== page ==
Operational Police Stress Questionnaire (PSQ-Op)

The 20-item Operational Police Stress Questionnaire (PSQ-Op) was created to measure one of the most common stressors for police officers; operational stress. The relationship between stress and work has been a rising topic for discussion and research over the past few years. Stress related to work is taking a toll on the employees as well as the employers. Reduced productivity, absenteeism, and employee turnovers are all stress-related issues that may negatively affect employers with burnt-out employees. The Operational Police Stress Questionnaire (PSQ-Op) is psycho-metrically sound to measure the operational stressors that policing entails. The PSQ-Op should be used in future programs investigating the association between physical health, stress, and psychological well-being.


Donald R. McCreary & Megan M. Thompson

To Access this Instrument

Operational Police Stress Questionnaire

Reliability and Validity

In the report by developer McCreary DR & Thompson MM (2004), The development of a reliable and valid measure of stressors in policing: A summary of findings from WSIB Development Grant 02-051, showed that the PSQ-Op is highly reliable (alphas > .09; corrected item-total correlations between .40 and .60) and positively correlated (r = .50 or less) with other general stress measures.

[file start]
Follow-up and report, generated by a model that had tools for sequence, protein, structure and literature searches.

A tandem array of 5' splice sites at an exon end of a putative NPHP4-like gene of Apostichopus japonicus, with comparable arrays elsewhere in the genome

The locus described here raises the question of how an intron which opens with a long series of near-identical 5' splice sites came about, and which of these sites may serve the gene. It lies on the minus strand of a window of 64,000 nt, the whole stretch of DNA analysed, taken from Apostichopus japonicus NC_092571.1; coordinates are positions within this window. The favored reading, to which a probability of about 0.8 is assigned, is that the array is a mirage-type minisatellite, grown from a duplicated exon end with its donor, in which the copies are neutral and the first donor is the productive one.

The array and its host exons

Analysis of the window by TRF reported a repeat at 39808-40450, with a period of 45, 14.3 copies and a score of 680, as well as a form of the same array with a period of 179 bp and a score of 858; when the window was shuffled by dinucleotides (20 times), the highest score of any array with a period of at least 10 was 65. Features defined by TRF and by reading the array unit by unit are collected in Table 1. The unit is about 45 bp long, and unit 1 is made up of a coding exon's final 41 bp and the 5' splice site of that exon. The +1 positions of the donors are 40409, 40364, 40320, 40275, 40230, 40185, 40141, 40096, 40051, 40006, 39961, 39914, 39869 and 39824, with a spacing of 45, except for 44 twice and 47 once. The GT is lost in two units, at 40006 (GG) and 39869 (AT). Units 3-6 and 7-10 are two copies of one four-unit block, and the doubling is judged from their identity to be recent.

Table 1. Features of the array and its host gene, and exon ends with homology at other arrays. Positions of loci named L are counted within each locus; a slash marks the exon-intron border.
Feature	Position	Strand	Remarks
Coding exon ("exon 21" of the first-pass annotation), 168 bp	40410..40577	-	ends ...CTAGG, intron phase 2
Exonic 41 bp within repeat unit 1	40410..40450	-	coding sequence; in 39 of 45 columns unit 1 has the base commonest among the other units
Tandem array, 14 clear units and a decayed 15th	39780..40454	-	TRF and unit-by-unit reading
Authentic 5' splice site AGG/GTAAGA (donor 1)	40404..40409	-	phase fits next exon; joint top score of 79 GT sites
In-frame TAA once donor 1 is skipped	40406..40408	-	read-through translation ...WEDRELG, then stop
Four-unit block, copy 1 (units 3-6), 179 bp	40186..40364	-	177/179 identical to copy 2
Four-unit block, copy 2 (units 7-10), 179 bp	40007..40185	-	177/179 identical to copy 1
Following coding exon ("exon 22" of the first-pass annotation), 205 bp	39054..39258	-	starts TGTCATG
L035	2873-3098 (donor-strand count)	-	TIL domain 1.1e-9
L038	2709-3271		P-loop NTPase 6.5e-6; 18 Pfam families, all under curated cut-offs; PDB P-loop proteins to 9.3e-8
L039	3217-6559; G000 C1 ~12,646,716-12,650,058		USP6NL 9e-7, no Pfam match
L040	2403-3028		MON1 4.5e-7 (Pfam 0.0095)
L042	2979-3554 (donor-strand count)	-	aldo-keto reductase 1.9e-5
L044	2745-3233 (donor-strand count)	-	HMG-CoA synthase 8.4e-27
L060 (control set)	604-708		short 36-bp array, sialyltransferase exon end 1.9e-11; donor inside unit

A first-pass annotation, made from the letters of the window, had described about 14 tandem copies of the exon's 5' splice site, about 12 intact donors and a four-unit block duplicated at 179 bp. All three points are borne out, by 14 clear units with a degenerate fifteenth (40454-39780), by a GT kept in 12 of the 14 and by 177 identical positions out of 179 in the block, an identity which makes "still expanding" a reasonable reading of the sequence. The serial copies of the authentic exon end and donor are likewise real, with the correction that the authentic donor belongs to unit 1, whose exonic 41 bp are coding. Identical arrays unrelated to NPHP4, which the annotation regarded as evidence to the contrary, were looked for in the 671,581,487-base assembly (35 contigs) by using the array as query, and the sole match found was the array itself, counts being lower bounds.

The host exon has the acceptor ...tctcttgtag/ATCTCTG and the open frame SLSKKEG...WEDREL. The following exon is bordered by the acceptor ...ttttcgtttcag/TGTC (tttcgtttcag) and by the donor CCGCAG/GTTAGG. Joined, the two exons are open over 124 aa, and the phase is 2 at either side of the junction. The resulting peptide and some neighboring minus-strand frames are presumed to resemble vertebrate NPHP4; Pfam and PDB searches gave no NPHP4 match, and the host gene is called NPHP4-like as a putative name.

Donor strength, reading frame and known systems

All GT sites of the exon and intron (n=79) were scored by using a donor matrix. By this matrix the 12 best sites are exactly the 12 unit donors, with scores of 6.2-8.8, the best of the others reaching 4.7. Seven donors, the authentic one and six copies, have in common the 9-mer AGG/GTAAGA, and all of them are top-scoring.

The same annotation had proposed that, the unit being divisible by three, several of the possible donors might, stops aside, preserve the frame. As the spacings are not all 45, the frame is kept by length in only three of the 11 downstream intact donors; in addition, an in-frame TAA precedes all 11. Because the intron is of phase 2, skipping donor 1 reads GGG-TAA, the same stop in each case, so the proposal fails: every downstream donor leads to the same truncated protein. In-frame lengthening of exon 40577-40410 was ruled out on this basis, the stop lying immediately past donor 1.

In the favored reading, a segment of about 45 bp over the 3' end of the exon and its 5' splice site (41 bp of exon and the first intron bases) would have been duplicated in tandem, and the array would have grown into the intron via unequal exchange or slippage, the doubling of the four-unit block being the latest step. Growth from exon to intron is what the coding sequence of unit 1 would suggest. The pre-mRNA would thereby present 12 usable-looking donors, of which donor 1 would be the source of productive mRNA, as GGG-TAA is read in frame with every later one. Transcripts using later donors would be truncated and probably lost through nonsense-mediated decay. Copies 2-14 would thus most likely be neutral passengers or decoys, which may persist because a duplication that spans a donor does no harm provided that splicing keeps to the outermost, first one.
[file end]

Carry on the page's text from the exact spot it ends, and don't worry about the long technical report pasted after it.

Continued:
Administration, Analysis and Reporting

Statistics Solutions consists of a team of professional methodologists and statisticians that can assist the student or professional researcher in administering the survey instrument, collecting the data, conducting the analyses and explaining the results.

For additional information on these services, click here.

Dissertations that have used the Operational Police Stress Questionnaire

Lucas, Philip William. (2012). Examining Career Satisfaction among Crime Scene Investigators in State Investigative Agencies. (Northcentral University).

Rawls, Amber C. (2010). Surviving Critical Incidents: Police Officers, Posttraumatic Stress, and Posttraumatic Growth. (University of Louisiana at Monroe).

Shane, Jon M. (2008). Organization Stressors and Police Performance. (Rutgers, The State University of New Jersey)


McCreary, Donald R.; Thompson, Megan M. (2006). Development of Two Reliable and Valid Measures of Stressors in Policing: The Operational and Organizational Police Stress Questionnaires. International Journal of Stress Management, Vol 13(4).

McCreary, Don. (2009). Development of the Police Stress Questionnaires.

Other Survey Instruments in the Stress/Anxiety/Depression



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